HEADLINES / TRENDS l STATS l RESEARCH l MEDIA l PEOPLE

May 2012

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The Complexities of Cancer Screening

Cancer screening—testing people who don’t have symptoms to find malignancies at their earliest stages—has been credited with contributing to the downturn in US cancer death rates over the past 20 years. But authorities in the field stress that the benefits have to be weighed against potential drawbacks, including false-positives that result in unnecessary diagnostic testing, and the need for people to make informed decisions based on their own medical and screening histories.

Screening recommendations come from two main sources: the US Preven­tive Services Task Force (USPSTF) and the American Cancer Society (ACS). These groups don’t always agree. For example, the ACS recommends that women start going for mammograms annually at age 40. The USPSTF sets the cutoff age at 50, with an option for earlier screening taking “patient context into account,” and that women go biannually. Both groups recommend lengthening the annual Pap smear interval; the ACS says every two or three years after age 30, the USPSTF says every three years between the ages of 21 and 65. Both recommend colorectal cancer screening to begin at age 50, and neither supports regular PSA screening for prostate cancer.

These recommendations are based on evaluations of large-scale studies. Some of the differences result from timing; new research is always being published. Others result from different interpretations of those studies.

Making these recommendations requires balancing under-screening, not testing people who should be tested, against over-screening, testing people who will not benefit. “More care is not necessarily better,” says USPSTF chair Virginia Moyer, MD, MPH. She cites cervical cancer screening as a “giant success story—it works. But just because having a Pap smear is going to decrease your chances of dying of cervical cancer doesn’t mean you have to have 10 of them.”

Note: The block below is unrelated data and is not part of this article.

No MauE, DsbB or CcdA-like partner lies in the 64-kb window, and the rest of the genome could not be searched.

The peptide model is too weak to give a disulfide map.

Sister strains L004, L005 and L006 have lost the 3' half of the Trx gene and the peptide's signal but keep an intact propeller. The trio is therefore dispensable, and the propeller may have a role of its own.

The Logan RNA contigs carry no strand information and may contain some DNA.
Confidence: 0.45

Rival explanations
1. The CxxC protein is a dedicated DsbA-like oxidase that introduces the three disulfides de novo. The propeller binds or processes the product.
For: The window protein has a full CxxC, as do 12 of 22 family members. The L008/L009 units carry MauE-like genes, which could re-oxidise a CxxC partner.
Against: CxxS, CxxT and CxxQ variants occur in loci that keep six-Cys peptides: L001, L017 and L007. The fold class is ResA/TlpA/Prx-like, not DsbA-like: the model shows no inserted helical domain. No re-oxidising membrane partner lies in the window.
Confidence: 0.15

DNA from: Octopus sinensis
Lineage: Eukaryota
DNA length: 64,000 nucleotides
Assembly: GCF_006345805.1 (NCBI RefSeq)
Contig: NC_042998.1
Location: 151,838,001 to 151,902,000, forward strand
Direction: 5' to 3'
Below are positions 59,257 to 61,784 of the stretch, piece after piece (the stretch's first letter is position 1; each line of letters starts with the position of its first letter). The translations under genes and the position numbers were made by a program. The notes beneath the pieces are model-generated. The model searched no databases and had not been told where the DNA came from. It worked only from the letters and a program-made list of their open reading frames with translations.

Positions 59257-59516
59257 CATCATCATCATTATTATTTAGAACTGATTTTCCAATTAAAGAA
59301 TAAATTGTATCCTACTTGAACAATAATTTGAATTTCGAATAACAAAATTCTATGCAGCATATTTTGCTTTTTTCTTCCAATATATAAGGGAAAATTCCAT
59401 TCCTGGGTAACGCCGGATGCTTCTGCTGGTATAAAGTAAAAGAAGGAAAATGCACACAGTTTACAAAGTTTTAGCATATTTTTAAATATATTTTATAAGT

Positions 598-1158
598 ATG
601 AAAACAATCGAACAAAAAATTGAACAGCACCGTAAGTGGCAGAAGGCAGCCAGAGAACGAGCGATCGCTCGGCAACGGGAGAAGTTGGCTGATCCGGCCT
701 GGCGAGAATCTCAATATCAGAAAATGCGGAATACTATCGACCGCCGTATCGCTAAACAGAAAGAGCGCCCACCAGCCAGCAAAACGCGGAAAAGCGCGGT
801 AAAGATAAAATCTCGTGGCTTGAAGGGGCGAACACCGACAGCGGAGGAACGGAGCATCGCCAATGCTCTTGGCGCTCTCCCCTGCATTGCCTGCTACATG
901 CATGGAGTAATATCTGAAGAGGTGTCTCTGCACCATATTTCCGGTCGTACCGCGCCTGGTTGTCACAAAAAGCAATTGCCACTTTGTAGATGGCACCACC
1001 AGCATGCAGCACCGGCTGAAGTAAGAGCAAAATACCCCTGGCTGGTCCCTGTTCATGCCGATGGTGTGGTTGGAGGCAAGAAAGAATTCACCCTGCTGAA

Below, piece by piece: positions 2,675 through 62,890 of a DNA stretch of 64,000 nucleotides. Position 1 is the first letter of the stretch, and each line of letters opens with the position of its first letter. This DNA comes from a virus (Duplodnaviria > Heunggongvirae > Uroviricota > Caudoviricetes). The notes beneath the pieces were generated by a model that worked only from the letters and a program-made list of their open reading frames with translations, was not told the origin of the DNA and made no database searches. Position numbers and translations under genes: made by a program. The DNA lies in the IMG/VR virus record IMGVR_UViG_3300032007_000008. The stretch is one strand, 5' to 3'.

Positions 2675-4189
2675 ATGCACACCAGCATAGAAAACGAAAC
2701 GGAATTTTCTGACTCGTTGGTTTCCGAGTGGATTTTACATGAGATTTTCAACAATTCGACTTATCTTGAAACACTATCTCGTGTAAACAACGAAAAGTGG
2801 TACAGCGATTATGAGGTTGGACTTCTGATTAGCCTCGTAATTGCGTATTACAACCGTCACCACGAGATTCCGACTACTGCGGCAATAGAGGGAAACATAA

However, “people who are older and who would still benefit from screening are not getting it,” says Robert Smith, PhD, the ACS’s director of cancer screening. Many of them have chronic, but not life-threatening, illnesses that tend to monopolize doctor visits. Smith says, “People who might be seeing the doctor often in a year, but are not having checkups, have a lower rate of cancer screening.” On the other hand, screening provides little value—and the potential for needless suffering—in patients with grave health issues. “If the patient is not a candidate for surgery, they are not a candidate for screening,” says Smith.

Making this benefit-versus-risk decision on what to screen for, and how often, requires regular discussions with one’s practitioner, including the willingness to challenge that professional if their approach seems off-handed. Moyers says, “The default position should be that recommendations be evidence-based. If your doctor says something different, you should ask, ‘Why am I different from the general population?’ He or she should have a good reason based on science.”

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Cutting Glucose Intake by Cancer Cells

It’s been a natural health mantra for years: Sugar is bad. Now standard-medicine voices have joined the chorus. Robert Lustig, MD, of the University of California, San Francisco, gave an anti-sugar lecture on YouTube that has been viewed more than 2.2 million times, and his assertion that sugar is toxic is starting to bear research fruit.

Excessive sugar consumption has been linked with insulin resistance, in which this key blood sugar-control hormone becomes less effective. As we saw in our May 2011 story “Doubly Dangerous,” high levels of insulin and related substances have been linked to increased cancer risk. And researchers have found that cells of some common cancers have insulin receptors on their surfaces that tell tumors to start consuming glucose.